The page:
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Taking Care of a Kitten | 7 to 12 Months

8 to 12 Weeks | 3 to 6 Months | 7 to 12 Months

When Can Kittens Eat Cat Food?

Kittens require about two to three times the amount of energy from their food as adults need, and about 30% of that energy comes from protein. As adults, cats no longer require this increased amount of energy.

Keep feeding your feline her special kitten formula until her first birthday. At that time, you can transition from kitten to adult food. As always, ask your veterinarian for the best natural, high-quality food options now that your kitten is an adult.

The amount you feed your adult cat should be based on her size and activity level.

How Do I Keep My Older Kitten Interested in Her Food?

Smell has a lot to do with your cat’s appetite. If she can’t smell her food, she won’t eat, which is why she may turn up her nose at cold leftovers straight from the fridge.

Tip: Heat refrigerated leftovers in microwave for 5 or 10 seconds before serving.

Also, watch her health and have your veterinarian treat any upper respiratory infection your kitten may get. If her nose is stuffed up, she may not want to eat even her favorite food.

Fun Fact: Though pups probably have the best smellers, those little velvet cat noses have millions of odor-detecting cells, too!

How Do I Keep My Cat Healthy and Happy?

Kitten Recess

Cats are stoic; they’ll go to great lengths to hide signs of injury or illness. Even though your cat will visit the veterinarian at least once a year, it’s best to watch her body and behavior closely to catch any issues before they escalate. Look for these signs:

Sleep-a-holic kitty: Healthy cats sleep a lot (about 16 to 18 hours/day); get to know your cat’s sleeping patterns. If she’s snoozing when she usually plays or ignores affection or a favorite toy, her lethargy might be due to illness.

Eating, drinking changes: If your cat has diabetes, she’ll drink lots of water. If she has dental issues, she might suddenly stop chewing her favorite kibble. Track how much your cat normally eats and drinks so you can gauge any changes.

Urination problems: Urinating more, less or not at all, or elimination outside of the litter box can all be signs your cat may be ill. See your vet immediately, especially if your male cat is urinating abnormally.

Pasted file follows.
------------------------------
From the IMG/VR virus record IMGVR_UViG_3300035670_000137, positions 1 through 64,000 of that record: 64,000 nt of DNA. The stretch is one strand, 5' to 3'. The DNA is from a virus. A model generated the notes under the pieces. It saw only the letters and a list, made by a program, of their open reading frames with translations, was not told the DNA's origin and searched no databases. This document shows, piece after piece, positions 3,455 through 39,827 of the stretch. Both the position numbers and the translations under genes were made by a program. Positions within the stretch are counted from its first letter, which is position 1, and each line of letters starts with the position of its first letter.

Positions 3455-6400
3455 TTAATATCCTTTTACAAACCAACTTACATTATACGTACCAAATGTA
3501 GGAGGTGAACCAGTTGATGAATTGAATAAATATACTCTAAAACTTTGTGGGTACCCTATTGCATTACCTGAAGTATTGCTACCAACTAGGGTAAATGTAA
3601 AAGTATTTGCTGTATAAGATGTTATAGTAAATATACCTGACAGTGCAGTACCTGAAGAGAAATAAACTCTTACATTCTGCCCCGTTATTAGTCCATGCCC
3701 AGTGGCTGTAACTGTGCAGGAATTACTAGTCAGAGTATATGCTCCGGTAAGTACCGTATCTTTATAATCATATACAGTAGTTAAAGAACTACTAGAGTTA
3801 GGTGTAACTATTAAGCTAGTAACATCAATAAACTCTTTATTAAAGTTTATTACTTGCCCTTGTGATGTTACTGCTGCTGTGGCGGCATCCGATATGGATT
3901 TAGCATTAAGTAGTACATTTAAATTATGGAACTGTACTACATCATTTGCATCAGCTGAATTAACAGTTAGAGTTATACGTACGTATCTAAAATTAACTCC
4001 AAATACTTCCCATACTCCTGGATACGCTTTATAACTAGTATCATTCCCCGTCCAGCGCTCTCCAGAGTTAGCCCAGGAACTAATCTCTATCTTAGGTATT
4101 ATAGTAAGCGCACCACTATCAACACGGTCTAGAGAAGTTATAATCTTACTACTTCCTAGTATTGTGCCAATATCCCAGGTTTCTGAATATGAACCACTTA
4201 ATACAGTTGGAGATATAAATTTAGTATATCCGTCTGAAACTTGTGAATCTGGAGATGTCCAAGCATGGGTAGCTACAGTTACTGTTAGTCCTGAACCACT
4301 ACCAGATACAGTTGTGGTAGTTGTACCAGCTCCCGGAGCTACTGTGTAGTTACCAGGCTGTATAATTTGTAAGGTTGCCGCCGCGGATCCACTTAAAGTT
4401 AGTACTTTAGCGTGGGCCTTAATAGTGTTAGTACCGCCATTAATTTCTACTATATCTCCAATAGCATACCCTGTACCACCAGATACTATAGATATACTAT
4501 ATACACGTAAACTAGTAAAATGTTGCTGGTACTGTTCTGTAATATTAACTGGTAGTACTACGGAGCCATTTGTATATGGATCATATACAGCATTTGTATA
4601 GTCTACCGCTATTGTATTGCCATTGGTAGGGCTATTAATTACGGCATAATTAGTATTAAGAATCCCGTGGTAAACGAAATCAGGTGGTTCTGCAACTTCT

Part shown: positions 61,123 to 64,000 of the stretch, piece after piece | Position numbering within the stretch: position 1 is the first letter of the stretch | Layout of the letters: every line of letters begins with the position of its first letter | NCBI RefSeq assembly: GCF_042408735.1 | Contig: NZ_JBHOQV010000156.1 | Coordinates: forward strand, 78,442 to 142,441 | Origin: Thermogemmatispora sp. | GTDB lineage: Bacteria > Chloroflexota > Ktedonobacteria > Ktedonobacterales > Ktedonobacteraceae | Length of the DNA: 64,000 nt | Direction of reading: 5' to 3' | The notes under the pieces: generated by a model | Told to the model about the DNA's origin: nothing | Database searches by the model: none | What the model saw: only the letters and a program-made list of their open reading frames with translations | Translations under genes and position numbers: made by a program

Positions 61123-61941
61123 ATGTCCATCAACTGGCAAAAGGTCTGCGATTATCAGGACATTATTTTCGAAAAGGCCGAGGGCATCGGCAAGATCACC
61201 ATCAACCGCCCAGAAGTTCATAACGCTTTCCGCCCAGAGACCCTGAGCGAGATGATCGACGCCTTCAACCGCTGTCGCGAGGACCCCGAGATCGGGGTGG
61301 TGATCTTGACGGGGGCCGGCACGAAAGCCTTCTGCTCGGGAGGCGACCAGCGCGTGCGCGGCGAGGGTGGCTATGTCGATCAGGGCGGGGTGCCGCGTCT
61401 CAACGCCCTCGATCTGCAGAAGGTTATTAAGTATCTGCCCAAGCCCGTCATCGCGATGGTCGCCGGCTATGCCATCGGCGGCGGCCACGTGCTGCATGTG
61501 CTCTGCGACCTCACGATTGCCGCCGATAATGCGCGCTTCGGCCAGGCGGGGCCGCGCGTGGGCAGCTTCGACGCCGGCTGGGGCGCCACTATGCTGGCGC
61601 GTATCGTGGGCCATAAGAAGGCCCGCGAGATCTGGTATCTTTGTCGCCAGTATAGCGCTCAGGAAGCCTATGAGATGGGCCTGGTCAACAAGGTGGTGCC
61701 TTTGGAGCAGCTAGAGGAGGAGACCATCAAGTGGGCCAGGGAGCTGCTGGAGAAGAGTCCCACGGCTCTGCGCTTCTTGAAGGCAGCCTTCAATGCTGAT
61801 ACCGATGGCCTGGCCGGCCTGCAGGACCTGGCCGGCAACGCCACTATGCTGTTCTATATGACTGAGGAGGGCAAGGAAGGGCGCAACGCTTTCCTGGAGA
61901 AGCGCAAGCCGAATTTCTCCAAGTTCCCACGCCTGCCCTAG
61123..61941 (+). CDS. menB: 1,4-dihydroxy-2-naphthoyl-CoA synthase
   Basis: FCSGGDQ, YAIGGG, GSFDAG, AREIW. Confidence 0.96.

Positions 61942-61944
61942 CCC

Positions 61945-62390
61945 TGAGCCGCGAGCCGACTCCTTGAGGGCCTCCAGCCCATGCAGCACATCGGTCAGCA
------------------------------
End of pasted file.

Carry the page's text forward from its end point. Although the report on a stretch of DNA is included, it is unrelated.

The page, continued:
Behavioral issues: Acting aggressively can be a sign of pain and injury, but cats will also hide when they’re sick, so watch your cat's behavior closely.  

Weight loss/gain: Look for protruding ribs and or the development of a pouch. Changes in weight can be difficult to detect because they’re usually gradual. Groom your cat to get a feeling for her body weight and condition, so you can sense when there’s a change.

Grooming changes: If your cat’s fur begins to look gnarly or matted, it might mean she’s not feeling well enough to groom, something cats usually love doing. Too much preening could also mean she has a skin infection, fleas, or is in pain.

What Are Healthy Activities for My Cat?

By now, you should have a healthy exercise plan in place to help your cat from becoming obese, which can extend the quality of her overall health. Always check with your veterinarian to see if your cat has any existing issues that would preclude exercise and ask for recommendations on healthy activities specific to your cat’s lifestyle needs.

Tips for healthy play:

  • Leave cardboard boxes and paper bags for cats to pounce on

  • Play chase with toys, balls, feathered sticks, and flashlight pointers (NOTE: Never shine the pointer in your cat’s eyes)

  • Get a cat tree and use catnip as an incentive to promote climbing

  • Have a tall scratch post for her to stretch and scratch on

  • Set up play dates with other four-legged pals; consider adopting a sibling cat or even a pup

  • Reward tricks with healthy treats. Train your cat to run to you from across the room or climb up her cat tree when you shake a bag of yummy treats

When Is It Time to Switch Litter?

If your cat uses her litter box every day, then you probably shouldn’t change litter brands. 

However, It’s not unusual for cats to outgrow their litter and become averse to the box they’ve been used for months. If you try a more a new litter, be sure to transition your cat slowly by combining old and new litters until she adjusts.

 Clues your cat doesn't like her litter:

First year come and gone

  • Two of her paws are in the box, two are out

  • She doesn’t dig to bury her waste

  • She steps out of the box, shakes her feet

  • She scratches the floor or carpet outside her box

  • She urinates outside, not inside, the box

First Birthday Come And Gone?

We hope it was a happy one with many healthy treats to celebrate your first year with your best pal. Find out more about adulthood on our Adult Cat Guide. 

 

View Adult Cat Guide